This week in CP:
Coheed and Cambria
—An interview with Reid Paley of Paley and Francis.
—Of course, our Critics' Picks.
Just a quickie to let you know about two things of interest going on in town tonight:
1. At Garfield Artworks, Sound Without, the ambient project of Buffalo-based percussionist Liz Holland. It's heavy stuff, intellectually if not always sonically; here's an example:
That show is at 8 p.m.; Brother Ong and Dean Cercone open.
2. Tonight at the Underground at CMU, Kishi Bashi, the lush solo project of K Ishibashi (of Jupiter One, and sometimes of Montreal), appears. Here's a video from his NPR Tiny Desk Concert:
That's at 7:30; more info on the Facebook event page.
In the paper that comes out today, we ran a short version of my interview with Reid Paley, the onetime leader of Pittsburgh's The Five, who's now best known for his work with his eponymous trio and with Paley and Francis, his duo with Black Francis of The Pixies. Here's a less-abridged version of our talk. The show at Club Cafe on Tue., Feb. 12 is now sold out; see below for other dates on the tour.
What was the impetus for this short tour?
Oh, I don’t know what’s going on — it’s not my tour! It’s Charles’ tour. I think he’s going to be doing a little bit of recording in Nashville, and we might do some as well.
Have you been doing more writing together as a pair? I understand that the last record was written very quickly, before recording.
Yeah — we just spent three short days here writing, then — we normally don’t break it up like that, but this time we came up with the music together, then kind of split the lyrics. We each took five, then came back to Nashville to put it together. Which I think is a good thing. To be able to do something that I think is good, that quickly. It’s not like we weren’t paying attention, nor were we hurried. We’re just motherfuckers. We’re fast. I realize we live in a world where, engineers, in a studio, if you walk in and intend to play a song all the way through, they kind of look up and their eyes start to glow. Generally, people go in, [makes guitar-riff sound], loop that, it sounds like crap. I’m not a Luddite, and I’m not anti-digital, but one of the problems with digital is that it’s kind of reduced music — Jaron Lanier said that — the reason vinyl sounds so great is it’s a physical process. There are grooves, there are squiggles in the grooves, the vibration is picked up and amplified, and you’re hearing a thing. It’s like life; it’s how your eyes see things. Whereas digital is kind of like watching a movie, where your eyes are extrapolating between the 24 frames per second. Music is now a series of beeps, if you look at it closely.
But yeah, we did it pretty quick, not because we don’t care; not because we’re being arrogant; because sometimes there’s not much time allotted and you do what you can and sometimes it works.
Was there trepidation about being two guys known as strong songwriters, working together in this way?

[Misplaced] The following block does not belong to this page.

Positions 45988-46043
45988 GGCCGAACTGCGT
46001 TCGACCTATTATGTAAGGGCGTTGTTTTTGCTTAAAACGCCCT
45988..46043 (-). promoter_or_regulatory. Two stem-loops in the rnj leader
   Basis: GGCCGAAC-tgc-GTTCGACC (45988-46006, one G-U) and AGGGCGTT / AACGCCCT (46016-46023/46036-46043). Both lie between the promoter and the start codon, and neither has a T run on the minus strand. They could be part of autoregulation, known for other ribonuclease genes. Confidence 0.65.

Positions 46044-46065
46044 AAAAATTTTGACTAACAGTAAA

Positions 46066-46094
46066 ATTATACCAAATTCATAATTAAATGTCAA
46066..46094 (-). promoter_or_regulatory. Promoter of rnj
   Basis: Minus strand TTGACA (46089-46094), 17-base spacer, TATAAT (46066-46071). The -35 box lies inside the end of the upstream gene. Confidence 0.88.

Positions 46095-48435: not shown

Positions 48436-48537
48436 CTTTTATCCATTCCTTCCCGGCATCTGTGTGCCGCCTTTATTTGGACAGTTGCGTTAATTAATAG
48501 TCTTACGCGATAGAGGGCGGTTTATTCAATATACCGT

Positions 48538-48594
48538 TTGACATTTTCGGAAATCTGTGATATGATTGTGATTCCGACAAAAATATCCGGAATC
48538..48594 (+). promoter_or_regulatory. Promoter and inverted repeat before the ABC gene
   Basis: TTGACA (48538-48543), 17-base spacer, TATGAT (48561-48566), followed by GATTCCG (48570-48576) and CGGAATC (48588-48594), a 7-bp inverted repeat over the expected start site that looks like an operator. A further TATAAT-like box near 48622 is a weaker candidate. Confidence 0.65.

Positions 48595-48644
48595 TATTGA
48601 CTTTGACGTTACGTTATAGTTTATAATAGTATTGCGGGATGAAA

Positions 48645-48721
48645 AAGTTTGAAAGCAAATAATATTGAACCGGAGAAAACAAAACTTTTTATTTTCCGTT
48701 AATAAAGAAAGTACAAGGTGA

I think collaborating is a pretty difficult thing. Sometimes it works, sometimes it doesn’t. We’ve known each other for ages; we actually started writing together about 10 years ago. It started as a lark; we threw together a song. We had telephone conversations; we’d sit there and play for each other over the phone. And that was a song he recorded on Honeycomb, called “Another Velvet Nightmare.” And we wrote a number of songs together. It’s just a thing — whenever he’s got time. He’s got certain other commitments, in terms of family and … another band. He does a lot of stuff. When there’s time, we do this stuff. This time, we’ll see what we can write on the way down to Nashville.
I'm not sure if any high school choir types actually read this blog, but hey: It's worth a shot.
Pittsburgh's Next Generation of Music Legends, along with N-Motion Entertainment, will be holding a sing-off choir competition for the opportunity to open for Afro Blue at the August Wilson Center on April 27. Right now, they're looking for high school choirs to take part; if you're interested, send a 3-5 minute DVD or VHS audition tape to:
Pittsburgh’s Next Generation of Music Legends
10918 Frankstown Road, Suite 701
Pittsburgh, PA 15235
Ten choirs will be picked to compete, but only one will open for Afro Blue in April. For more information, contact Donald Patterson at firstname.lastname@example.org or Shawn Hopson at Shawn.Hopson@verizon.net.
Here's Afro Blue, if you wanna check them out; they were on The Sing-Off on NBC:
Well, here we are again. Another Monday, and another great local band!
This week’s track is "Lies"the title track from White Like Fire’s newest EP, which was released on January 29th. After putting out a successful self-titled EP in May, this upbeat four-piece isn’t slowing down. The track is catchy as all get out, making good use of playful guitar riffs and vocals that just beg you to sing along. It’s the sort of bouncy indie rock that makes you want to jump around! Stream or download it below!
[Sorry, download link expired!]
This week in CP:
— Check out our coverage of the split 10-inch from The Frantic Heart of It and Playoff Beard in our Music Feature.
The Frantic Heart ot It
— A quick profile of Arlo Aldo in the wake of their new E.P. Zelie.
— Reviews of new local releases, including Coastal Remedy's self-titled LP.
— As always, Critic's Picks!
Pallbearer @ Mr. Small's Theater Friday, Feb. 1
The Bad Plus @ Manchester Craftsmen's Guild Saturday, Feb. 2
Anna Vogelzang @ The Rex Theater Saturday, Feb. 2
Walk The Moon @ The Altar Bar Wednesday, Feb. 6
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